I've always been a big fan of street trees--don't they make a street look beautiful? Don't they give us welcome shade in the summer? Don't they lessen the "heat island" effect in urban areas? Don't they soften the appearance of the "hardscape" of a city? That's the upside. The downside is they need to bought, planted, and maintained. Who's going to pay for that?
A new report argues that the urban canopy should be considered—and funded—as a part of a city’s public health infrastructure. In an article entitled How Should We Pay for Street Trees?, the author writes,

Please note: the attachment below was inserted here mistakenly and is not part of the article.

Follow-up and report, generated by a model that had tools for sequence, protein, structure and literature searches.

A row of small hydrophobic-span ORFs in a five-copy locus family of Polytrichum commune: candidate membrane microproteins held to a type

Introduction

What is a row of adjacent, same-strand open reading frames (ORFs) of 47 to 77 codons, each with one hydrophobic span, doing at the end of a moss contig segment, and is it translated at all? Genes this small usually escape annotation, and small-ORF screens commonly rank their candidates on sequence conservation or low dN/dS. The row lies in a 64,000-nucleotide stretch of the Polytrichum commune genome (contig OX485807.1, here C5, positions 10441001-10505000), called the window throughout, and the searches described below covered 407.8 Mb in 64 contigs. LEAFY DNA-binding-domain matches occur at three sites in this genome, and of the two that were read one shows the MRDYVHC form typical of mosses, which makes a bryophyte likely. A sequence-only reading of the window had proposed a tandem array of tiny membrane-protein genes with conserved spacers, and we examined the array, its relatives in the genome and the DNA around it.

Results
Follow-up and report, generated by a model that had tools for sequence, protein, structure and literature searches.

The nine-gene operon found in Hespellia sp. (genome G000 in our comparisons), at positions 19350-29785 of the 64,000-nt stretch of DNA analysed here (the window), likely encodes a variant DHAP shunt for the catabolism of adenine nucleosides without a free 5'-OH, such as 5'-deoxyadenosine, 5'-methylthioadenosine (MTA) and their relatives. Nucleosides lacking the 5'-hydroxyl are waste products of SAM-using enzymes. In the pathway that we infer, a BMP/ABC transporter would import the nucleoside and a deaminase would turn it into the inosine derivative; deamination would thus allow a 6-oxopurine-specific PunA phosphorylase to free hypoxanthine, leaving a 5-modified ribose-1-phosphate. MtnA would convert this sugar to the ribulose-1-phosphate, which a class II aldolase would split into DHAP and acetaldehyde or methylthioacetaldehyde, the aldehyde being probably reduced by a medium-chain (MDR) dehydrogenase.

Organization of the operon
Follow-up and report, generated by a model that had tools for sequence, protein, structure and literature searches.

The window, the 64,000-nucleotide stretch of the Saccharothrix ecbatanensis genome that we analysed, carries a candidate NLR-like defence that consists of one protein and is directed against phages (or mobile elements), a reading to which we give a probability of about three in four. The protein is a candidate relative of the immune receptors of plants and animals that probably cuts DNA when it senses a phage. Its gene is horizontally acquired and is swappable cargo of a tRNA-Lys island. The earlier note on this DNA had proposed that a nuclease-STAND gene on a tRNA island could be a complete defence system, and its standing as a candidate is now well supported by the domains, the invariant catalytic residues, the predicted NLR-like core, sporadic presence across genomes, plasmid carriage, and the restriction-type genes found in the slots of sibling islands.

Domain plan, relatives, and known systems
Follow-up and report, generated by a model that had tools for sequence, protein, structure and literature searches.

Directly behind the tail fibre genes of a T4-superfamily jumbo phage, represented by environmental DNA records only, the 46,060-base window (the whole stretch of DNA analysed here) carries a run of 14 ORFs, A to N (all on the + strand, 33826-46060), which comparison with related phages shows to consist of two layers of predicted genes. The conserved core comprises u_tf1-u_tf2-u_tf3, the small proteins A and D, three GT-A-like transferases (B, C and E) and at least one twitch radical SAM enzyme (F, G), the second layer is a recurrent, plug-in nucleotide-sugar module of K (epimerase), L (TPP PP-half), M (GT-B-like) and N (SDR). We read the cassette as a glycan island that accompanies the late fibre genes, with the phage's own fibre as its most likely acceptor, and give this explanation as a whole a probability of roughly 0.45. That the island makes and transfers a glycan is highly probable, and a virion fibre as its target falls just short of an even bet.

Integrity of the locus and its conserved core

"Trees have proved to aid mental health, decrease obesity and other health risks, and just generally make people happier. But they are often thought of as a luxury rather than a vital component of healthcare or urban infrastructure. In a new report, The Nature Conservancy, a conservation-focused nonprofit, arguesthat trees are an important public health asset and should be funded as such.
“Just like the public health sector has gotten used to thinking about walkable cities as something they need to care about, we’re advocating that they need to think about nature and parks as part of that quest,” says Robert McDonald, a lead scientist at The Nature Conservancy and co-author of the report.
McDonald hopes that cities will start to integrate urban forestry into their other health, wellness, and environmental initiatives."
The article gives some ideas as to how we can get more trees by thinking of them as part of public health.
Read on ....